Business Smarts: Adding Holiday Lighting As a Service - National Association of Landscape Professionals

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Business Smarts: Adding Holiday Lighting As a Service

Holiday lighting can become quite a lucrative business for your landscape or lawn care company if you go about it properly.

In the case of Scott Young, owner of Certified Christmas Lights, he started with his father’s pest control business and was able to scale it to $5.8 million with holiday lighting.

Some of the benefits of offering holiday lighting include high-profit margins and the ability to keep your team employed over the off-season. If you’re curious about adding this as a service, but aren’t really sure where to start or how to be successful, check out the steps below.

Getting Started

Holiday lighting has been around for ages so take advantage of the trail blazed before you. This could mean you decide to go the franchise route with a brand like Christmas Décor where they can train you and provide quality lighting products.

You can also take advantage of other resources available like what Young’s company provides, which includes video training, free guides and forms and processes to use with your business. Certified Christmas Lights also provides free weekly webinars covering various topics related to holiday lighting. You can even opt to be trained in person by the Certified team.

If you already have the necessary lighting installation knowledge, you can move on to the selling season.

Selling Season

It may be hard to imagine selling Christmas lights when the holiday is still over 100 days away but due to the narrow installation time it’s best to book your clients early. Similar to your regular business, you need to focus on your perfect customer and not just settle for anyone.

This could be your existing customer base, who you already have established trust and lines of communication with. Or it could be a different set of clients. It is advised that if you’ve never done holiday lighting to stick with residential first since the scale is more manageable. However, once you have things figured out you can always move into the commercial holiday décor space.

Once you’ve got clients interested, conduct a consultation with them and provide a project bid. Ashely Bowser, general manager with Certified Christmas Lights, advises using Google Maps and design software to mock up what potential installations would look like and to keep the bid simple. Match your suggestions to the scope of the customer’s budget.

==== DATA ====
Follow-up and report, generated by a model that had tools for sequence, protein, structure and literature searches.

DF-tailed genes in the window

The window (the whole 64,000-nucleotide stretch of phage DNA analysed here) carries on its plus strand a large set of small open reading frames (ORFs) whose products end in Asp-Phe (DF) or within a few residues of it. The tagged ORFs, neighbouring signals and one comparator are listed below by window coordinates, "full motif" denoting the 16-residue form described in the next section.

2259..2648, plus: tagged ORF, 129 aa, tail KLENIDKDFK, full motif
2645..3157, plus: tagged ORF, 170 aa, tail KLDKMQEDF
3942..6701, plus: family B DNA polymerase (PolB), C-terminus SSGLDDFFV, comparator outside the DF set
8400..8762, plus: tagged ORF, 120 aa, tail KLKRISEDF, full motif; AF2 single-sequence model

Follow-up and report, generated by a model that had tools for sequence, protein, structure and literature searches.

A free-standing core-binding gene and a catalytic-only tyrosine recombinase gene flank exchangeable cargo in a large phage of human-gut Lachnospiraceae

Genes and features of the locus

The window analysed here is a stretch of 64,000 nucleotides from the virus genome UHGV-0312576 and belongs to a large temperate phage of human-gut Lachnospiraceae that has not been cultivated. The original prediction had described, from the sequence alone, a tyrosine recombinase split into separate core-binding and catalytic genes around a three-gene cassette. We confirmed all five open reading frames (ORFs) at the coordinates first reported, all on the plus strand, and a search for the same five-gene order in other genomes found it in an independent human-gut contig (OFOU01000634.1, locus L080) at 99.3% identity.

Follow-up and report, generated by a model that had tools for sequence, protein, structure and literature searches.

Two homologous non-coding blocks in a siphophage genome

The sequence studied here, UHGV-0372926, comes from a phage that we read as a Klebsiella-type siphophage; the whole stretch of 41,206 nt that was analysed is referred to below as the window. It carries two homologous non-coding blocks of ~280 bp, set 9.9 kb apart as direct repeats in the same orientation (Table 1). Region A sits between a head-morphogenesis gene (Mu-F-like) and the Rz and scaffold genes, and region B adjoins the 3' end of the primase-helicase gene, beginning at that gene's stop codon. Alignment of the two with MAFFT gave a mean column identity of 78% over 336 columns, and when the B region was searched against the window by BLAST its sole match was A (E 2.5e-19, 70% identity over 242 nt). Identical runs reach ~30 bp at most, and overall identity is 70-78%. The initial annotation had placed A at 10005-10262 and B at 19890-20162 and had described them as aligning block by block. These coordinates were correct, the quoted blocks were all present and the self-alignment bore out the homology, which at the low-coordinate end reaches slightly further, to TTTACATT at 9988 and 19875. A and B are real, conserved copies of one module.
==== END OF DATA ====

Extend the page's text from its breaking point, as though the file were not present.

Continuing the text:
Some possible discounts you can offer are if they opt for an early installation time or agree to a multi-year contract. By leasing lights to customers and asking for 50 percent down prior to installation, you can earn some early cash flow.

Installation Practices

Bowser advises using two-person installation teams as they are more efficient. While a team of six may seem like they could get the work done faster, she says one or two employees can end up standing around with nothing to do. With an installation season that could run from 40 to 60 days, it’s critical that you have a dependable crew that is dedicated to doing a quality job. Bowser says they opt for production pay, where they pay crews for a percentage of the work completed versus an hourly or daily wage to encourage a focus on quality.

It is also important to use quality products as the last thing you want is to have to be replacing your lighting inventory every year. Using the wrong products, or those that aren’t quality, can result in headaches during and after the install.

Once the lights are up, your crews should have a plan to respond and handle service issues in a timely manner during the holiday season.

When it comes to taking down the lights and storage, it’s best to store the lights on your property to ensure the products’ longevity. Bowser says they store the roof lights and any other pieces that are custom to the house by customer and everything else is stored in one location.

Common Mistakes

While holiday lighting is profitable, there are a lot of things that can go wrong if you’re not properly prepared. It’s best not to try to learn on the job as you’ll end up underestimating how many lights you’ll need to get the project done. It’s also important not to underprice your services.

Young’s main key to success in the business is keeping things simple. By keeping your product offering limited, you don’t have to deal with specialty holiday items eating up your warehouse space. Your trucks and trailers should be streamlined for installation days and everything should be documented from the initial proposal to a digital rendering for the installation team.

Jill Odom

Jill Odom is the content manager for NALP.

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